Geeks on the cusp of respectability

For 2 seasons, starting in 2001 and concluding the following year, Comedy Central ran a game show called, Beat the Geeks, which featured American otakus packing formidable knowledge on a variety of pop culture topics, facing off against regular contestants who were handicapped, that is, lobbed a lot of softball questions relative to a particular geek, so as to even the playing field between the two. To its credit, this program really challenged its geeky regulars with some hardcore interrogation and is a fascinating look a geeksploitation right before "geek chic" took over the world and elevated a culture of outsiders to the mainstream.

Beat the Geeks featured three primary experts in regular rotation: Mark Edward Heuk (The Movie Geek), Paul Goebel (The TV Geek), and Andy Zax (The Music Geek), but through the show's run they always included a wildcard geek, someone with a more specific obsession, i.e, The Horror Geek, The South Park Geek, The Simpsons Geek, — in the episode I have embedded below, they feature a Michael Jackson Geek.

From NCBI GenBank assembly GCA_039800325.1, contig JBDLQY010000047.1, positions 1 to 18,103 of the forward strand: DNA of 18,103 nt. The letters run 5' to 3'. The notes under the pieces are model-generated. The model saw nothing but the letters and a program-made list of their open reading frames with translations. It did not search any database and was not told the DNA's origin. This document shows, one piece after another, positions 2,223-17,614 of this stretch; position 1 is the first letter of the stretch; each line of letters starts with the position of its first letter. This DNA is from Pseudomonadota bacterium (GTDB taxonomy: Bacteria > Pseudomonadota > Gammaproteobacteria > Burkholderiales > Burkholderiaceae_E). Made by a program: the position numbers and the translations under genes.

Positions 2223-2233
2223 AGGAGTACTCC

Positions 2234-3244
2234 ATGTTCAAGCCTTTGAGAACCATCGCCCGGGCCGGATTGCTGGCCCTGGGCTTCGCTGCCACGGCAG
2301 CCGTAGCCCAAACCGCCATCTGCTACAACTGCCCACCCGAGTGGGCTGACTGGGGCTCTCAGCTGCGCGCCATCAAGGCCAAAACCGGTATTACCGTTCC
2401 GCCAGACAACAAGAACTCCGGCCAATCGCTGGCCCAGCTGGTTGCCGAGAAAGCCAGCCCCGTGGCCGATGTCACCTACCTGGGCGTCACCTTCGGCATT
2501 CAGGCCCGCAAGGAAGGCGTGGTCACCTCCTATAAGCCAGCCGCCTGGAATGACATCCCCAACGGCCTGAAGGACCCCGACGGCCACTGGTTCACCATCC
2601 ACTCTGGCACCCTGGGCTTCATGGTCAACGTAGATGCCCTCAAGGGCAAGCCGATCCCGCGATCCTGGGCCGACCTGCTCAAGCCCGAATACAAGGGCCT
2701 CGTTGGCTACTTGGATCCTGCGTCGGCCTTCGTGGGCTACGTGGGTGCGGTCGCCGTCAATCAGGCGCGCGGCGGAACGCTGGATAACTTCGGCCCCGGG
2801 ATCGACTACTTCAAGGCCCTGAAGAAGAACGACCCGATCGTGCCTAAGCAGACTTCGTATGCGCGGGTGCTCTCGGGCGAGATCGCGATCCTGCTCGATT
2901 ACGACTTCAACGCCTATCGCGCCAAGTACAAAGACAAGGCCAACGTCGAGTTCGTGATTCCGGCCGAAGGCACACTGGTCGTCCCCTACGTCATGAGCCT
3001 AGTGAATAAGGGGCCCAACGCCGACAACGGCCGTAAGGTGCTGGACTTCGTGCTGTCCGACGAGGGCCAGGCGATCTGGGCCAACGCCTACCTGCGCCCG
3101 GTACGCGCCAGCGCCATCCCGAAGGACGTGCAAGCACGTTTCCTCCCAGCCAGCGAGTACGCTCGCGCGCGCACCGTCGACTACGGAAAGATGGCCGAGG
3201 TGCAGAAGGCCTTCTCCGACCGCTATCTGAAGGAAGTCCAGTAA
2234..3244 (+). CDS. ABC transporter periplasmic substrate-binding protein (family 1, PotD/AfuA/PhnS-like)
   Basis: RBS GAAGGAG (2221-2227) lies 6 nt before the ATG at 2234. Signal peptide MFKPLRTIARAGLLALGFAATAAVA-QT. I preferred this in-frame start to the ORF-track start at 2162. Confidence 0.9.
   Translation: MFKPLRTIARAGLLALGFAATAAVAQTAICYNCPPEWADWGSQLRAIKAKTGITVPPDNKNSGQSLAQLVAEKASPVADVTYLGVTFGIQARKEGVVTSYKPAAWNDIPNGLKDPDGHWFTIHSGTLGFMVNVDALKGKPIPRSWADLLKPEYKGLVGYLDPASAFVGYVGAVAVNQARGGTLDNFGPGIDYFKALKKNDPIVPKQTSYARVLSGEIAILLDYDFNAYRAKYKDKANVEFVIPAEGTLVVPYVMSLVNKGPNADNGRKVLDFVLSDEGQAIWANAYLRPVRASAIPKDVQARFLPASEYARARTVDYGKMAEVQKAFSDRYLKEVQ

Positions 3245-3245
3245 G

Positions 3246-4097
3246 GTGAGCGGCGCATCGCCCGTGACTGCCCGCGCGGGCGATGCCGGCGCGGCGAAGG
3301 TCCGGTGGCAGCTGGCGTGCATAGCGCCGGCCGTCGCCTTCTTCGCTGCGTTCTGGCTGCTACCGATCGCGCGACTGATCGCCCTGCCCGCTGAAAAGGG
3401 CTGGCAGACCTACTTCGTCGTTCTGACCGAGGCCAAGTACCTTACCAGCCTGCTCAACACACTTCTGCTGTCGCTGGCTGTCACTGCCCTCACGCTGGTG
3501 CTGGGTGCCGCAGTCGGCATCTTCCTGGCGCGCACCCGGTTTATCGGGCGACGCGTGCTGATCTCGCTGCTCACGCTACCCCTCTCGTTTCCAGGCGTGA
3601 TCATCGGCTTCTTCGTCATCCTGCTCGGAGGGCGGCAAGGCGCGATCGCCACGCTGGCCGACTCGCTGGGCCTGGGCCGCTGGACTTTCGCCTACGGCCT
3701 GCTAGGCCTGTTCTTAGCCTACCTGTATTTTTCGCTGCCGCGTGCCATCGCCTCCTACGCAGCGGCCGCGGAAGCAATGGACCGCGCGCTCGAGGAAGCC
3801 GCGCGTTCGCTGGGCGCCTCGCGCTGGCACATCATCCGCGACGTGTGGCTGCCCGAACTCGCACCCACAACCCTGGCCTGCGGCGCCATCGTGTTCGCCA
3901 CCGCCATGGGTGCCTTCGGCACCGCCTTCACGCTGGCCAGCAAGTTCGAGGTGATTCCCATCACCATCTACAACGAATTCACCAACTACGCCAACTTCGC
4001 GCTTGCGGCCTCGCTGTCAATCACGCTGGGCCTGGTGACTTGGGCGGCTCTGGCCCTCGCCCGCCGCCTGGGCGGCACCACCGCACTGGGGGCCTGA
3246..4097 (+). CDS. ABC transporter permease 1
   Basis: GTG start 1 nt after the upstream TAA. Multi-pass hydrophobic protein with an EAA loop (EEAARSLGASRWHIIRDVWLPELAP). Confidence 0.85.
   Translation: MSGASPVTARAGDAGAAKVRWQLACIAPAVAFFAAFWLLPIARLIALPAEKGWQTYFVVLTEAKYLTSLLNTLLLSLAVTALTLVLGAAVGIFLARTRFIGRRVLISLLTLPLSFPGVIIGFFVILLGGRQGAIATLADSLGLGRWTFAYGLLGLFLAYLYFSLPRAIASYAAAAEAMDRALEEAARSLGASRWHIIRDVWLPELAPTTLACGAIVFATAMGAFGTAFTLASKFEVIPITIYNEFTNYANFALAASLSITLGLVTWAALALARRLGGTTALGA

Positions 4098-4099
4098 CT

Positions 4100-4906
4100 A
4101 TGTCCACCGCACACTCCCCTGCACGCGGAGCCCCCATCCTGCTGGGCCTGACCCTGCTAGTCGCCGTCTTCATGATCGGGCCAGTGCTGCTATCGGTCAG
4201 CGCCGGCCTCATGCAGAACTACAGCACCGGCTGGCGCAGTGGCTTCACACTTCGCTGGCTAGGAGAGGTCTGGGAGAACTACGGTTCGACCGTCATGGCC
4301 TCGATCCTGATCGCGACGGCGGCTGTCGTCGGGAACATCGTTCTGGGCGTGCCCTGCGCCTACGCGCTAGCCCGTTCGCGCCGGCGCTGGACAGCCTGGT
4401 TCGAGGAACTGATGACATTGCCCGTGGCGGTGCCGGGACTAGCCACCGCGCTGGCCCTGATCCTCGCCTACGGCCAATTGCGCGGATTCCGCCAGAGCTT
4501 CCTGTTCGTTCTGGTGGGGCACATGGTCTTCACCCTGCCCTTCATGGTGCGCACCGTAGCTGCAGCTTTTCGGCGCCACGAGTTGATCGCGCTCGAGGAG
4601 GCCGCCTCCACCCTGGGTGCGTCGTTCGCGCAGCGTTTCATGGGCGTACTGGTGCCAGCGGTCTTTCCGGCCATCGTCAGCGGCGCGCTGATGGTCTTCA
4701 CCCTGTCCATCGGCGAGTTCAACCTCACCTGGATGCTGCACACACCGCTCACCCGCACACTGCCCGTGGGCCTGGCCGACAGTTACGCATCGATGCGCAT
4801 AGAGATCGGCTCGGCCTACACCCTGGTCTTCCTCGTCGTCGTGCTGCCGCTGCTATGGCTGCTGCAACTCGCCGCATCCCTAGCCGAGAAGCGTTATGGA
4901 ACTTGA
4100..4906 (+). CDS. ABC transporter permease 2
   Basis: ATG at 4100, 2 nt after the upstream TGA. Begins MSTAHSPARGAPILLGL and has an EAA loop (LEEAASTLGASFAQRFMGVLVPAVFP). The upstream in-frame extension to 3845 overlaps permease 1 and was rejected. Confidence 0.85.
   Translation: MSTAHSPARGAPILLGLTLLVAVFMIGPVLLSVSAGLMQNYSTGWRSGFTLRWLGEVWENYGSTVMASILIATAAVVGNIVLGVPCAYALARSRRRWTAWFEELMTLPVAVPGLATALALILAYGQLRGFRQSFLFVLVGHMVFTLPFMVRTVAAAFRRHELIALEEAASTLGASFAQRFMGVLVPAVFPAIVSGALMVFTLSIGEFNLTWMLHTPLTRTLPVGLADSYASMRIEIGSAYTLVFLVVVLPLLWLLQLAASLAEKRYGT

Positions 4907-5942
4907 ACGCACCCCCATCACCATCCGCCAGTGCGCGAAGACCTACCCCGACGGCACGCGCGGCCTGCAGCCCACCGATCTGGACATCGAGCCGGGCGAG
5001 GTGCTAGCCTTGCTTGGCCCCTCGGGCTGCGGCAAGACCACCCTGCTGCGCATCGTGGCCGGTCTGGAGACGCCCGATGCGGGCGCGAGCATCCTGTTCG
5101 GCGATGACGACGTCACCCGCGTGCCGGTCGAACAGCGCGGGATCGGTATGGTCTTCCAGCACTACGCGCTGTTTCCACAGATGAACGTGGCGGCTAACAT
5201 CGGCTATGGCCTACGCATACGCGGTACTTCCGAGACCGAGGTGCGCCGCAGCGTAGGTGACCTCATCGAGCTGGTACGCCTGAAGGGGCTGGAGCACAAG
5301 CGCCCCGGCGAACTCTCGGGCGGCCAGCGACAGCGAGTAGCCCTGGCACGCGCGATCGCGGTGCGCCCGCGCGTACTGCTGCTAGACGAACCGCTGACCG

One of the aspects that I find interesting about the show is the shit talking nature of the geeks. These are not timid wallflowers. These are people with a particular skill set and are not afraid to be extremely arrogant in letting you know they plan to wipe the floor with you for daring to enter into their arena of expertise.

It's been 12 years since the show went off the air but as I revisit it, I wonder if it represents the moment we underwent a major cultural shift, where geeks weren't viewed as losers anymore, but as being the vanguard of a whole new aesthetic of cool.